The threat over stymying efforts for integrated water quality management in the Shuswap intensified in the past few days with Larry Morgan, the CSRD director for the North Shuswap, leading the charge to withdraw from the SLIPP initiative.
Three relevant bits of info follow. (1) the announcement of the eventual positive vote of the CSRD (2) a background article on the issue from the Observer and (3) a reporting take from the Kamloops Daily News (Fortems):
Like many, I have an general understanding of the issues but would benefit from further information that readers might want to contribiute via the Comments section.
(1) From the Seas listserver
Hi all this just in from Ray Nadeau with the Shuswap Water Action Team and the public rep on the SLIPP Board:
The three-year Shuswap Lake Integrated Planning Process pilot project will end on March 31, 2014.
The majority of the members of the SLIPP steering committee agreed to move ahead with water-quality monitoring and a lake safety program for the entire Shuswap Watershed.
But Columbia Shuswap Regional District Area F North Shuswap director Larry Morgan is vehement in his opposition – as is the president of the North Shuswap Chamber of Commerce Dave Cunliffe.
It is this opposition that frustrates Mike Simpson, senior regional manager for the Fraser Basin Council Thompson Region and SLIPP program manager, who says there is general consensus for a watershed-based program with a more limited focus.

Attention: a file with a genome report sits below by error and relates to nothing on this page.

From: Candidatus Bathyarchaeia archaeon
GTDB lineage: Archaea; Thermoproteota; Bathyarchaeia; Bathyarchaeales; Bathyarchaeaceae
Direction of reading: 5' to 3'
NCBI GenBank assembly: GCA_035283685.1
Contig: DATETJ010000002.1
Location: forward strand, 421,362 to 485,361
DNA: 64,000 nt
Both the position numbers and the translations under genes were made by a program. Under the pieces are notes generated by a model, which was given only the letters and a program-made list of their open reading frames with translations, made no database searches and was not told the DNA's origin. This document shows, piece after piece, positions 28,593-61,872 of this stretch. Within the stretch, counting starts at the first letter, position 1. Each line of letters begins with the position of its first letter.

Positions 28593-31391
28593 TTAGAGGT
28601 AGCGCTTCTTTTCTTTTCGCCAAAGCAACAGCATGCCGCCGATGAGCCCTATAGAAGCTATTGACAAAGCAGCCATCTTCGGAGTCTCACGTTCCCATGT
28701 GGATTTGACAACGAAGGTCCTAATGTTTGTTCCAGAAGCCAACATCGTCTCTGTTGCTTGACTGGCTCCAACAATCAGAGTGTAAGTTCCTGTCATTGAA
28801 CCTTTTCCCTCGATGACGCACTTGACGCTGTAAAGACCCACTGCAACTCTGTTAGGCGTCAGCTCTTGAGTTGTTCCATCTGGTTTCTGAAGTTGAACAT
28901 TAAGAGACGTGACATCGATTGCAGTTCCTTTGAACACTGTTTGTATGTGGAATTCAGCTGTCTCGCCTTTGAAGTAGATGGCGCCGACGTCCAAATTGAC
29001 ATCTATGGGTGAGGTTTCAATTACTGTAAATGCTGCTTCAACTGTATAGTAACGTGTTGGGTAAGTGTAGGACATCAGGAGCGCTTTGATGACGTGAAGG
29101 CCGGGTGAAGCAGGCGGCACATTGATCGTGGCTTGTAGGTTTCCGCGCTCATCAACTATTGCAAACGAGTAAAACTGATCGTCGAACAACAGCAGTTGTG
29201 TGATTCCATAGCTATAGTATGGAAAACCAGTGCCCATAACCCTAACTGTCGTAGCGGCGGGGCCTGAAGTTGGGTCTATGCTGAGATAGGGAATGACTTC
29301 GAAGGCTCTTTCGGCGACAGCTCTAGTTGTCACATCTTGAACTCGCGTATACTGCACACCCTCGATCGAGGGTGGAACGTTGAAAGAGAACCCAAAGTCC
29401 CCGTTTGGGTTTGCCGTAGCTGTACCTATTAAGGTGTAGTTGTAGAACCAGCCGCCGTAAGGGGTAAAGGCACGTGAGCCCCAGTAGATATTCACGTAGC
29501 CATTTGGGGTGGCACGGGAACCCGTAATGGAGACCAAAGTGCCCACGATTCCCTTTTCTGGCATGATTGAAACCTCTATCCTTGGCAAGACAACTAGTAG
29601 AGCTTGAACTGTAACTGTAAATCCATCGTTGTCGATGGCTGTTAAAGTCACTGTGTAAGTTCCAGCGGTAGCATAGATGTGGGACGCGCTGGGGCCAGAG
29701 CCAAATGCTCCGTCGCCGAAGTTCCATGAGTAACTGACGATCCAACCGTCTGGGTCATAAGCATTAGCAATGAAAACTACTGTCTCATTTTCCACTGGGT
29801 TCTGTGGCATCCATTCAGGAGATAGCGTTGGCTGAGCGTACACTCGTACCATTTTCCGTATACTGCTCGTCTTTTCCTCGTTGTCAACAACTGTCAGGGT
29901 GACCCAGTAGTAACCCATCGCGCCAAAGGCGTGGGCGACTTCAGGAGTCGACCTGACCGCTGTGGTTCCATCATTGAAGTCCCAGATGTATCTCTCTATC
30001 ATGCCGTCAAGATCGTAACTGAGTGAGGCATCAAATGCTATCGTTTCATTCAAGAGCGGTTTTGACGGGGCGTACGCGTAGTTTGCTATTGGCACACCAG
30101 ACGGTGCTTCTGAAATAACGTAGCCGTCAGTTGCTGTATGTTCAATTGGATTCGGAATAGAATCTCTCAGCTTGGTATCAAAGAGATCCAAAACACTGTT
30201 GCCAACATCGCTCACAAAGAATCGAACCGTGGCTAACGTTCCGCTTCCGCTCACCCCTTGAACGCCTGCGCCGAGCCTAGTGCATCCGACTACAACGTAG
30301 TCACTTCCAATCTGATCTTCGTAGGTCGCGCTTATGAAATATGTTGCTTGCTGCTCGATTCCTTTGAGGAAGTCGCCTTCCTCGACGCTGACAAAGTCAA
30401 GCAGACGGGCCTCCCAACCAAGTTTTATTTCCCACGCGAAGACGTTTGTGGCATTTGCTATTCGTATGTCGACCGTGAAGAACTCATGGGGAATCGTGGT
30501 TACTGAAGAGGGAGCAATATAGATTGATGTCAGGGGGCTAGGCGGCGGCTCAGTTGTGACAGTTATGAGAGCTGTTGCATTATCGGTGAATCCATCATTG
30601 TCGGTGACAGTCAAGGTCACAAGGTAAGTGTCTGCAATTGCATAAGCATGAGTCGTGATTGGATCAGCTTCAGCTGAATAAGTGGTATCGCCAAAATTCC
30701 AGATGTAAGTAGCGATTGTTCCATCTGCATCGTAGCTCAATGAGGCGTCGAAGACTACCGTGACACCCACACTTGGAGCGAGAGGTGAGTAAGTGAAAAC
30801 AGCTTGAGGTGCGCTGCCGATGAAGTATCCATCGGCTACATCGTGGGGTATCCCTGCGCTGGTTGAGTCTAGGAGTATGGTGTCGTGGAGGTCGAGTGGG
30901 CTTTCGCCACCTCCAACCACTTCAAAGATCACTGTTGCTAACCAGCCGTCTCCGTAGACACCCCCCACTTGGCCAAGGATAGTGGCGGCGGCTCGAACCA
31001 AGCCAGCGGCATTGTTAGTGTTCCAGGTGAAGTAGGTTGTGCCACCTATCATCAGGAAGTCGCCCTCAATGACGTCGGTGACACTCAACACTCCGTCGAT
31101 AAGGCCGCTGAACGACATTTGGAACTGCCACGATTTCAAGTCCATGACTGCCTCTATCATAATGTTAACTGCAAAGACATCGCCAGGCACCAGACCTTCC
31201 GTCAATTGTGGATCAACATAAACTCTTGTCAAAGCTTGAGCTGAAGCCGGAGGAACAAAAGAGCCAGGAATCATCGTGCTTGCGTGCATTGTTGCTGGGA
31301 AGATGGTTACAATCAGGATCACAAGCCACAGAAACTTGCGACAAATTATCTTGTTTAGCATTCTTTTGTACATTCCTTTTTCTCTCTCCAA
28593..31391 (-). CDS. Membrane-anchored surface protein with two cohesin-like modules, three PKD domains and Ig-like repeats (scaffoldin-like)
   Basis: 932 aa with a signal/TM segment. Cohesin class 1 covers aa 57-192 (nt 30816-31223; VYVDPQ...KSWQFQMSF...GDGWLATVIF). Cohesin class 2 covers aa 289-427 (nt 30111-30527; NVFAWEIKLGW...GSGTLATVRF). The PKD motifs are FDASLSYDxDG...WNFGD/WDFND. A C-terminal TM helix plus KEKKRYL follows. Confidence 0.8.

(3) From the Fortems article Regional director threatens future of Shuswap group (Nov. 7 2013). Check out the full article as well.
Kamloops Mayor Peter Milobar said opposition comes from a fringe group who don’t want rules enforced. The city contributes through Thompson-Nicola Regional District.
“It’s a misconception SLIPP is involved in enforcement. It’s a way to have 14 agencies enforce rules that have existed for a long time.”
Milobar called those opposing SLIPP “a vocal, small group that don’t want to see changes.”
Paul Demenok, chairman of a SLIPP steering committee, accused critics, including Morgan of spreading misinformation. The committee he heads is looking to replace SLIPP, which is set to expire early next year, with a new body.
The director for the South Shuswap area also noted funding won’t come from property taxes.
Local conservationist Jim Cooperman called Morgan’s stance “typical.
Your quality thoughts on both watershed protection and political posturing?